Of all the things I do with my own kids, one of my favorites is astronomy bedtime stories. I will admit to taking this idea right from one of my heros, Richard Feynman. Sometimes the stories are about space and astro-adventures, and sometimes they’re about more down to earth things, but they almost always have a science lesson in them. One of their favorite stories is a series that I made up years ago about a dog named “Har-Har” whose adventures in chasing the neighborhood cat involve all sorts of lessons in reasoning, logic, science and astronomy. My kids love the stories and they have no idea how much science they’re learned while falling asleep. As they’ve gotten older, sometimes instead of a story, we play “3 questions” where they ask me questions about any topic of interest and I give them scientifically accurate and fun answers.
Number 3. Make it fun, by Matthew.
Hi, I’m Matthew. I think that the most important thing to do is to make it fun – use movies and music and cool things. Lectures are boooorrrring, so don’t do it. Books are OK but the best thing to do is to show them movies instead of talking. Remember – keep it fun!
Number 2. Get out of their way.
This one I’m taking directly from Neil deGrasse Tyson, who has said that he wants to write a book on raising a scientifically literate child, which I can’t wait to read. One of his main points is to let children explore the world around them – instead of scolding a child for playing with their food, realize that they’re exploring how this food stuff looks and acts when its smushed or thrown or mixed with other food stuff. Banging pots is an experiment in acoustics, rather than a reason to admonish. To a large extent I agree – little children are natural scientists – they want to explore and understand, and it’s unfortunate that structured society – especially the conformity of the classroom – has a strong negative influence on them. By the time they’re teenagers many of them lose the instinct to ask “why.” I recommend we all encourage children to keep asking why and that we help them find the answers.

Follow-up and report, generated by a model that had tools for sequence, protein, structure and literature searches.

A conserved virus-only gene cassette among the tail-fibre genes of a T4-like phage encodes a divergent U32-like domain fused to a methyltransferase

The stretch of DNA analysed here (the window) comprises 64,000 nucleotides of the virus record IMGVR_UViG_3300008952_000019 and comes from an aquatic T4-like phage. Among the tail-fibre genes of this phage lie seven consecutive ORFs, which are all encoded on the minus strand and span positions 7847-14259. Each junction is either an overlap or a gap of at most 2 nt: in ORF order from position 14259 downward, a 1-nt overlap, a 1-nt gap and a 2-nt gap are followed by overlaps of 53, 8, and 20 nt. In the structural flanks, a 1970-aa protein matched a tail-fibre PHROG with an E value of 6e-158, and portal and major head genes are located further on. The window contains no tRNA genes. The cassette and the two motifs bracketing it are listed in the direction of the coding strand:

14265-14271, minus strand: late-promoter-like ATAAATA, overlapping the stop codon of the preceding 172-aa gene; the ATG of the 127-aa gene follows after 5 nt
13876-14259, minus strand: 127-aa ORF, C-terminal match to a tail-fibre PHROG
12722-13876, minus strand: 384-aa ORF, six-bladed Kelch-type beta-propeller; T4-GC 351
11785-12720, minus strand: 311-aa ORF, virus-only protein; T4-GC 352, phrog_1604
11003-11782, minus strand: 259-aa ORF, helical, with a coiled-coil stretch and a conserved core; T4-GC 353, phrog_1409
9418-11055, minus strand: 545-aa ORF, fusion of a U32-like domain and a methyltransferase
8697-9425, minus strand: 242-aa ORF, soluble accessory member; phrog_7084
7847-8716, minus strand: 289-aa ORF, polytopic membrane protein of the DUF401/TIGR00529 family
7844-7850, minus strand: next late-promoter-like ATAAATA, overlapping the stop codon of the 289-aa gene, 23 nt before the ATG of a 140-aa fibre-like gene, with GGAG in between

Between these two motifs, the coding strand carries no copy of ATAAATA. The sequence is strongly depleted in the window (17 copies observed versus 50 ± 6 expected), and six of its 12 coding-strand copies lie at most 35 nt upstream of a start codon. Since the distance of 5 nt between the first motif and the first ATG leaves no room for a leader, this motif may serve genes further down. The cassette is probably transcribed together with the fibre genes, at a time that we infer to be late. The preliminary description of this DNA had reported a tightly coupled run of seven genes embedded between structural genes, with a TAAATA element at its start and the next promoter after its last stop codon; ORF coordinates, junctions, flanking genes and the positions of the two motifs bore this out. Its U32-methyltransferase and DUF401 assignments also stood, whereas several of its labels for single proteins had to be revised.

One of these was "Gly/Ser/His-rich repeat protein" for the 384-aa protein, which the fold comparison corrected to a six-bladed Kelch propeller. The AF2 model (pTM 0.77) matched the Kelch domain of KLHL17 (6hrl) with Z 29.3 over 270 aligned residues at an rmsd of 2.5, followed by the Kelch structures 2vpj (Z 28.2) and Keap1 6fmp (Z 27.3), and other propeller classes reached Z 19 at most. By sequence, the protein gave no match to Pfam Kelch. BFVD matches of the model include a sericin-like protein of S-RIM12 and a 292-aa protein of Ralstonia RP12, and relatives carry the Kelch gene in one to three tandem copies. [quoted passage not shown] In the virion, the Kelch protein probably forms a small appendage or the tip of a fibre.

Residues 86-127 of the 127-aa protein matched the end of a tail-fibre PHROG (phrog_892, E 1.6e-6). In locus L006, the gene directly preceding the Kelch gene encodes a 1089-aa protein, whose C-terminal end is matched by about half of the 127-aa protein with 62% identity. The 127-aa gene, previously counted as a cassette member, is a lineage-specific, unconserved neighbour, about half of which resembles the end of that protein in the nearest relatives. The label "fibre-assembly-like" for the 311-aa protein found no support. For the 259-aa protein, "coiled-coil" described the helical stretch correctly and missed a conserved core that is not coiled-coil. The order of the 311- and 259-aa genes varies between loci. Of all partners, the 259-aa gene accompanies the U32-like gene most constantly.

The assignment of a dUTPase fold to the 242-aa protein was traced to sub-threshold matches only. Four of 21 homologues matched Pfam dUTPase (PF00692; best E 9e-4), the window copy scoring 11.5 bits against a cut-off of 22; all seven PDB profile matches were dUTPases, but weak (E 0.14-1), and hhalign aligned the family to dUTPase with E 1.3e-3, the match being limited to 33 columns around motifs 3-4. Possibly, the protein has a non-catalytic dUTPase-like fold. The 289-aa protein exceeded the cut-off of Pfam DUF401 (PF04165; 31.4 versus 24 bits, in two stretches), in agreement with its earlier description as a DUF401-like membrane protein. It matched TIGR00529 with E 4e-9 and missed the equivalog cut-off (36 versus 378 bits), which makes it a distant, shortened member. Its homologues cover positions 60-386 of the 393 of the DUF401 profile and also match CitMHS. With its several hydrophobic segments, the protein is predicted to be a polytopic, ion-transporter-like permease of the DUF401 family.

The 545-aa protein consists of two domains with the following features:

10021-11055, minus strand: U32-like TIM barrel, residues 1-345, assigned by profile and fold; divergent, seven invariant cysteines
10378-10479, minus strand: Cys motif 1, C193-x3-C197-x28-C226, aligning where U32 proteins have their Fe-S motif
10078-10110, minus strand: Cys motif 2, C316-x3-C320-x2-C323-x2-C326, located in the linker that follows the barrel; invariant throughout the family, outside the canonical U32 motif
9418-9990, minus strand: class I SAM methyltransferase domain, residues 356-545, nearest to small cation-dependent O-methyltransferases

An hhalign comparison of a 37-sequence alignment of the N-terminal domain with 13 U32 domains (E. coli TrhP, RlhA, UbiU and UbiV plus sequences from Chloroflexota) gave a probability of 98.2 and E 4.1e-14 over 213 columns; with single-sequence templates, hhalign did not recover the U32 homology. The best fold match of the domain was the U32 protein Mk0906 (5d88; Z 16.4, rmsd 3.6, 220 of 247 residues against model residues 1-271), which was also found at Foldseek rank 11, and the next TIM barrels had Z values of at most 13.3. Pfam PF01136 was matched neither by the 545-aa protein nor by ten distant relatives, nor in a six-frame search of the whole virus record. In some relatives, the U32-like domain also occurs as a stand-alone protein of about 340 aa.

Number 1. Make Astronomy part of everyday life.
I think the single best thing that adults can do to instill a love of astronomy and science in children is to make discussing the topic as natural as eating and breathing. Try to make it a part of everyday life but be careful not to over do it. Dinner-time conversations or casual chats are a good way to weave it into your day. I’ve taken many of the things I’ve learned in previous 365 days of astronomy podcasts and turned them into short exciting things to chat about with my kids. One of the things my younger two love to play when we’re in the community pool is a dunking game. While holding them up just above the water, I ask them a question about science – usually about astronomy – and if either of them doesn’t get it right, I let that one go so he or she falls into the water. They don’t even realize how much they’ve learned because they’re having so much fun. Share your excitement with your kids, make it fun and remember to keep it to small doses so they always look forward to more rather than less.
I hope these ideas have given you some new ways to instill the love of astronomy and science in our own “next generation.” I owe a special debt of gratitude to my friend George Hrab for introducing me to 365 days of astronomy and to Slau for graciously letting us use his studio to record this podcast. And thanks to all the organizers, other podcasters and sponsors for making 365 days of astronomy such a resounding success. As Galileo might have said himself, salute!
End of podcast:
365 Days of Astronomy
The 365 Days of Astronomy Podcast is produced by the New Media Working Group of the International Year of Astronomy 2009. Audio post-production by Preston Gibson. Bandwidth donated by libsyn.com and wizzard media. Web design by Clockwork Active Media Systems. You may reproduce and distribute this audio for non-commercial purposes. Please consider supporting the podcast with a few dollars (or Euros!). Visit us on the web at 365DaysOfAstronomy.org or email us at info@365DaysOfAstronomy.org. Until tomorrow…goodbye.